Former Athletes Tackle the Challenge of Eating on an Ordinary Scale
If you're among the roughly 3 percent of college football players who move on to a professional team after leaving school, you'll probably spend the bulk of your career trying to maintain your, well, bulk. But for the remaining 97 percent, the recognition that pro ball is not in your future should signal a marked change in eating habits.
For too many young men, it doesn't. That's the story George Dohrmann, a senior writer for Sports Illustrated, tells in the June 8 issue of the magazine. Dohrmann highlights the plight of two former linemen for the University of Oregon as they adjust their bodies to the realities of life without football.
For one, Jeff Kendall, that means giving up his nightly nacho feast and forsaking his habit of eating two lunches -- one from Panda Express, the other from Subway -- every day during training. For the other, Cole Linehan, it means forcing himself to take up running for exercise, something that proves surprisingly difficult. For both, it means reckoning with their 300-plus-pound bodies and realizing that their size, once an asset, has become a liability.
Though the young men's individual stories are inspiring, the phenomenon they illuminate is sobering. According to Dohrmann, these athletes are required by the demands of their sport and their trainers to eat up, consuming loads of calories to make them formidable foes on the field. But once it becomes clear that their playing days are behind them, the young men are largely left to their own devices as they navigate the transition from athlete to ordinary guy. As Kendall puts it, "All of a sudden you go from being a fat kid living the dream to, well, just fat."
A lucky few college athletes have access to a full-time nutritionist such as James Harris of Oregon's athletic department. Harris has been at his post for only three years, so he missed the freshman year of the current crop of seniors. Intervening that first year would have been ideal, he says, allowing him to plant the seeds of nutrition awareness at the start of their college careers. But still he was able to help Kendall and Linehan find their way, even though the athletic department was pretty much done with them, having shifted its attention to the training needs of the incoming freshmen.
Harris is a member of a very small club: Of the 119 Division I college football programs in the country, Dohrmann says that fewer than two dozen employ full-time nutritionists. Harris puts that number closer to just a dozen. Dohrmann says that although many schools have invested heavily in weight-training and conditioning programs and used those as recruiting tools, the idea of promising nutrition guidance as part of recruitment packages has yet to catch on.
Dohrmann points to the dearth of research showing what happens to college athletes' health once they leave school. Though it seems obvious that many beefed-up kids will face health problems later in life if they don't adapt their eating and exercise patterns, Dohrmann says he could find no scientific studies to back that up. Without such documentation, the situation is likely to continue flying under the radar.
Harris says that while non-athlete students may have their share of trouble making the transition from campus chow to real-world food, athletes whose eating regimens have been dictated to them for years often founder even more dramatically when that structure disappears.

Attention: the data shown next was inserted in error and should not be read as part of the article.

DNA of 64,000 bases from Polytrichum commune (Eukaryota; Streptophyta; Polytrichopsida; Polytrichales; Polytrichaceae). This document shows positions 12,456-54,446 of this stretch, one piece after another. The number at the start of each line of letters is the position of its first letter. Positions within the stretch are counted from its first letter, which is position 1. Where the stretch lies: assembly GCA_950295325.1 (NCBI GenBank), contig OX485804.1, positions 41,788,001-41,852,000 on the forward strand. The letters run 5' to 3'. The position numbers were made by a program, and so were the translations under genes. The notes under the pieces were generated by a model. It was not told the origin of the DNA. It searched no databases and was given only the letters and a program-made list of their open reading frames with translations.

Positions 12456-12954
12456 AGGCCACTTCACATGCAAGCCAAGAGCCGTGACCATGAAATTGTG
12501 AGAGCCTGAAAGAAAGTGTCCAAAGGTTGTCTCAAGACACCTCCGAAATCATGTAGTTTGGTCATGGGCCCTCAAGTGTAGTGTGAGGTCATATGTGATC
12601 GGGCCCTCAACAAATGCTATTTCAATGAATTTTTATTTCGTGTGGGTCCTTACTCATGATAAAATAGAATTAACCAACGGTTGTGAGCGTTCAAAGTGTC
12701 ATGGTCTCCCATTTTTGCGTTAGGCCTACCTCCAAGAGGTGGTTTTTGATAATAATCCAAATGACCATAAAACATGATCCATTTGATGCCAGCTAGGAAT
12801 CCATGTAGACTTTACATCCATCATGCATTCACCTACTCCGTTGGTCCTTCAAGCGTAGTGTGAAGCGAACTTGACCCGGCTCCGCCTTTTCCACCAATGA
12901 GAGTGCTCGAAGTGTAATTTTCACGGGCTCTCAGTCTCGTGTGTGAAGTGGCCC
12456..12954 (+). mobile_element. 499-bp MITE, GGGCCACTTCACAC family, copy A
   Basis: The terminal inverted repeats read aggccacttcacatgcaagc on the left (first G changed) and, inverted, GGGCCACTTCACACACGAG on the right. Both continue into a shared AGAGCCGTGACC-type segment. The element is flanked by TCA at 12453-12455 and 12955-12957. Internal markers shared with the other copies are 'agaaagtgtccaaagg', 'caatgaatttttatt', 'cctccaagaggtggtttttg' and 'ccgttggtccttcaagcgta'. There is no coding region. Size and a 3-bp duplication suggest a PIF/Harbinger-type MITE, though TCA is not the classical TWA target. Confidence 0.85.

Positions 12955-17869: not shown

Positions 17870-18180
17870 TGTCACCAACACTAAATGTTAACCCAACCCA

Harris helps them establish a new structure, calculating their body mass and their daily calorie needs. He steers clear of the word "diet," which he says implies restriction. Instead, he favors teaching students to add healthful choices such as fruits and vegetables to their menus.
"It's a gradual transition," he says. "The first step is to never subtract; always add. You don't say, 'Cut out the beer and nachos,' but tell them to add some salsa. You have to incorporate new behaviors, not take away old behaviors. Eventually the new ones will push out the old ones."
The new behaviors that Harris promotes have apparently taken hold with Kendall. Dohrmann's article outlines the daily menu plan that he adopted and compares it with his college-days consumption. With the double lunches and nightly nachos, Kendall had been downing close to 6,000 calories a day, much of it in fatty, sugary, nutritionally unsound food. The new plan adds up to just over 2,600 calories, a surprising total given that the food consists mostly of fruit and vegetables, lean elk meat and canned tuna, and yogurt. According to the magazine article, the two athletes have lost at least 30 pounds each.
Kendall and Linehan happen to be white, but Harris says young black athletes face a still greater risk of disease related to overweight and obesity. "African Americans traditionally have higher instances of diabetes and heart disease," he says. "That makes their transition more important. It needs to start as early as possible."
Since the Sports Illustrated story appeared, Harris says he has been inundated with calls from former college athletes -- not just from Oregon -- asking him for help. Harris tries to offer some guidance over the phone, but without spending time with a person and getting to know his lifestyle, the advice he gives is necessarily limited.
With Harris's direct help and feedback on their own efforts, the two young men featured in Dohrmann's story seem to have landed on their feet. As Kendall says in the article, "You realize that our bodies weren't meant to be that big . . . . As you get to be a size that is more what you are supposed to be, you feel so much better. You have more energy, you sleep better, your mood is better. It changes your life."
Check out tomorrow's Checkup blog post, in which Jennifer remembers moving from college chow to eating like a grown-up. Subscribe to the Lean & Fit newsletter by going to http:/